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Protein chips can be treated with chemical groups, or small modular protein components, that can specifically bind to proteins containing a certain structural or biochemical motif . Two companies currently operating in this application space are Agilent, Inc. and NanoInk, Inc. Agilent uses a non-contact ink-jet technology to produce microarrays by printing oligos and whole cDNAs onto glass slides at the nanoscale. NanoInk uses dip-pen nanolithography (DPN) technology to assemble structure on a nanoscale of measurement .

6. Sparse cell detection

 

This schematic depicts a new system that uses tiny magnetic beads to quickly detect rare types of cancer cells circulating in a patient's blood, an advance that could help medical doctors diagnose cancer earlier than now possible and monitor how well a patient is responding to therapy. (Purdue School of Mechanical Engineering image/ Bin-Da Chan)

 

Sparse cells are physiologically distinct from their surrounding cells in normal physiological conditions. They are significant in the detection and diagnosis of various genetic defects. However, it is a challenge to identify and  isolate these sparse cells. Nanobiotechnology presents new opportunities for advancement in this area. Scientists developed nanosystems capable of effectively sorting sparse cells from blood and other tissues. This technology takes advantage of/exploits the unique properties of sparse cells manifested in differences in deformation, surface charges and affinity for specific receptors and/or ligands.

7. Biomolecular Engineering

 

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The use of solid substrate usually means less waste and the ability to manipulate the biomolecule far more precisely. EngeneOS (Waltham, Massachusetts) pioneered the field of biomolecular engineering. The company developed the engineered genomic operating systems that create programmable biomolecular machines employing natural and artificial building blocks. These biomolecule machines have broad range of commercial applications-as biosensors, in chemical synthesis and processing, as bioelectronic devices and materials, in nanotechnology, in functional genomics and in drug discovery.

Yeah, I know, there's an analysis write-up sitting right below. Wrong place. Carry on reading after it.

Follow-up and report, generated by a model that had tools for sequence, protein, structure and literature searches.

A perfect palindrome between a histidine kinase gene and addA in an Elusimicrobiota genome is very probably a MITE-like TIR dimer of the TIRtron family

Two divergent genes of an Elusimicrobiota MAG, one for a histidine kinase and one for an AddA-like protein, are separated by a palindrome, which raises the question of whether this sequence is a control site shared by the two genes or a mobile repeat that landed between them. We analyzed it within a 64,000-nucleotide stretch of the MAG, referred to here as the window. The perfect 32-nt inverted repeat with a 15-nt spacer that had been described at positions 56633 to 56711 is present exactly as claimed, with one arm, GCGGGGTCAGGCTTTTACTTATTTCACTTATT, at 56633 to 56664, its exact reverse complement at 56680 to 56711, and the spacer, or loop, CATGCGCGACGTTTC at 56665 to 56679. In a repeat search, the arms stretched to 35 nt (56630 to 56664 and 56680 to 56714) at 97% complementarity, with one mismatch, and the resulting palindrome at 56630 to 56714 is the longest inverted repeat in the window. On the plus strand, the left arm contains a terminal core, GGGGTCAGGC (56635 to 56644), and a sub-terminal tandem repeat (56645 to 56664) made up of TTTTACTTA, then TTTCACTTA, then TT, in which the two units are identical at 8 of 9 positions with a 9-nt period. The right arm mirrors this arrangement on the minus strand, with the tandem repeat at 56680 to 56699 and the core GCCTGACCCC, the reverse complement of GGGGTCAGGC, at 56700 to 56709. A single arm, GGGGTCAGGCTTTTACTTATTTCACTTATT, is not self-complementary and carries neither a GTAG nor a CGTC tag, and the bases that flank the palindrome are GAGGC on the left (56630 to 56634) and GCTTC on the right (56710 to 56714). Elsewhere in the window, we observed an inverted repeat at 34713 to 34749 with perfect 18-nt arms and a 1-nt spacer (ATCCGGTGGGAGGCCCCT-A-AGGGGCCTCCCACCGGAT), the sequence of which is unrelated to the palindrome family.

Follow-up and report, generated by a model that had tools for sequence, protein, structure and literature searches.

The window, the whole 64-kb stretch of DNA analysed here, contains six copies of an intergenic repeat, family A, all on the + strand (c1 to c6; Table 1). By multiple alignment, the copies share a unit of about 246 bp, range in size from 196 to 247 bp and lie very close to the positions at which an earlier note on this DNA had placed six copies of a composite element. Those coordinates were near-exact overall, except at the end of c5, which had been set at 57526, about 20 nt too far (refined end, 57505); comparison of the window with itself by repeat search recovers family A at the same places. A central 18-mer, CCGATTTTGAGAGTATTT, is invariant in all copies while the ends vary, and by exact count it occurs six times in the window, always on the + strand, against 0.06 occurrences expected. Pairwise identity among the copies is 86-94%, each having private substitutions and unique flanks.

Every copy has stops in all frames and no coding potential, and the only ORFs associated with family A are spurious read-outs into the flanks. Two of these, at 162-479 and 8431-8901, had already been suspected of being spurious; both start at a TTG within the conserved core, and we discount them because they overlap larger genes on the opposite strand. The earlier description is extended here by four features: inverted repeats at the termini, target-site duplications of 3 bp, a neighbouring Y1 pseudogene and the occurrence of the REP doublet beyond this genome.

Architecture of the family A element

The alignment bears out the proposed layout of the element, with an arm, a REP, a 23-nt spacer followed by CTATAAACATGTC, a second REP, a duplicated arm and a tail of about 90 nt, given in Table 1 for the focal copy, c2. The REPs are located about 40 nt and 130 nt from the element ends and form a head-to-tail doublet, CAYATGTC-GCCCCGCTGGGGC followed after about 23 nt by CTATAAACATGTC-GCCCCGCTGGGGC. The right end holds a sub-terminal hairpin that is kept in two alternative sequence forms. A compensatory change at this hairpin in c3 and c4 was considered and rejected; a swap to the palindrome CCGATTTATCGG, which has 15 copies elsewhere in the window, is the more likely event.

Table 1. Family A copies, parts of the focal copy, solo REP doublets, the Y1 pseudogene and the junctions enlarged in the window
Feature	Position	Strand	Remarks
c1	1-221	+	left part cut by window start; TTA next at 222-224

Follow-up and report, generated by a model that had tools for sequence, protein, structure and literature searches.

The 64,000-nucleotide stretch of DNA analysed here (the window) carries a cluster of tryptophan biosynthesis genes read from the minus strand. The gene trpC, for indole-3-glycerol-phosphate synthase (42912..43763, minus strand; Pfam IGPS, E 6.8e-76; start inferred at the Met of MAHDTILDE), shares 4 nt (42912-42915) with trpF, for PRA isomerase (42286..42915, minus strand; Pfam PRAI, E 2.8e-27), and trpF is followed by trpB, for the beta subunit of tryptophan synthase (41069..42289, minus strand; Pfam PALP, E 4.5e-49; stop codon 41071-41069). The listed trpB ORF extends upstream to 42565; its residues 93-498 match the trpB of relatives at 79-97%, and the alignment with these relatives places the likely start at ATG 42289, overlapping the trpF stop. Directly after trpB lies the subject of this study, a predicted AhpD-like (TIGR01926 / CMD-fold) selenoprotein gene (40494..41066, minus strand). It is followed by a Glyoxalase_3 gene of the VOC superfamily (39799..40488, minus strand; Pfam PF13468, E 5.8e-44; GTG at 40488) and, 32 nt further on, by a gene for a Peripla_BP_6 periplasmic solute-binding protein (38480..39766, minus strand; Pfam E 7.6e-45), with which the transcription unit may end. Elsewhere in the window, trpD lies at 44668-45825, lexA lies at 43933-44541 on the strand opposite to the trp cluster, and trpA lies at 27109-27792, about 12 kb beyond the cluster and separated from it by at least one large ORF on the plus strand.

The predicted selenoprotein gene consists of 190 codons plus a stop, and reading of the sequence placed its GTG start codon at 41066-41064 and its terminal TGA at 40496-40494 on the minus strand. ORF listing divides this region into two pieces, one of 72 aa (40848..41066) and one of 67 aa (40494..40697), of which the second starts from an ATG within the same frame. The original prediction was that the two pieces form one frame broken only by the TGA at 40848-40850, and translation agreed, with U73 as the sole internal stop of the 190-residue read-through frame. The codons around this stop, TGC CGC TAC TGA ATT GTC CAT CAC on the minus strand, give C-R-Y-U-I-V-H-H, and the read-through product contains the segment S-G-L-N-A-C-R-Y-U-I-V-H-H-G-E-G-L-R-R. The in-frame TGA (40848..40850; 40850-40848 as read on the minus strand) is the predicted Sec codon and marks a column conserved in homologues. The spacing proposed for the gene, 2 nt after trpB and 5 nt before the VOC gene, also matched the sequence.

8. Surfaces

 

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There are lot  of the complicated interactions between molecules and surfaces.  Nanofabrication unravels the complexity of these interactions by modifying surface characteristics with nanoscale resolutions, which can lead to hybrid biological systems. This hybrid material can be used to screen drugs, as sensors, or as medical devices and implants. Nanosystems, owned by the Irish drug company Elan, developed a polymer coating capable of changing the surface of drugs that have poor water solubility.

 9. Tool in imaging

 

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Intracellular imaging can be made possible through labelling of target molecules with quantum dots (QDs) or synthetic chomophores, such as fluorescent proteins that will facilitate direct investigation of intracellular signalling complex by optical techniques, i. e. confocal fluorescence microscopy or correlation imaging.

10. Biopharmaceuticals

 

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Nanobiotechnology can develop drugs for diseases that conventional pharmaceuticals cannot target. The pharmaceutical industry traditionally focuses on developing drugs to treat a defined universe of about five hundred confirmed disease targets. But approximately 70 to 80 percent of the new candidates for drug development fail, and these failures are often discovered late in the development process, with the loss of millions of dollars in R&D investments. Nanobiotechnology brings the ability to physically manipulate targets, molecules and atoms on solid substrates by tethering them to bio membranes and controlling where and when chemical reactions take place, in a fast process that requires few materials .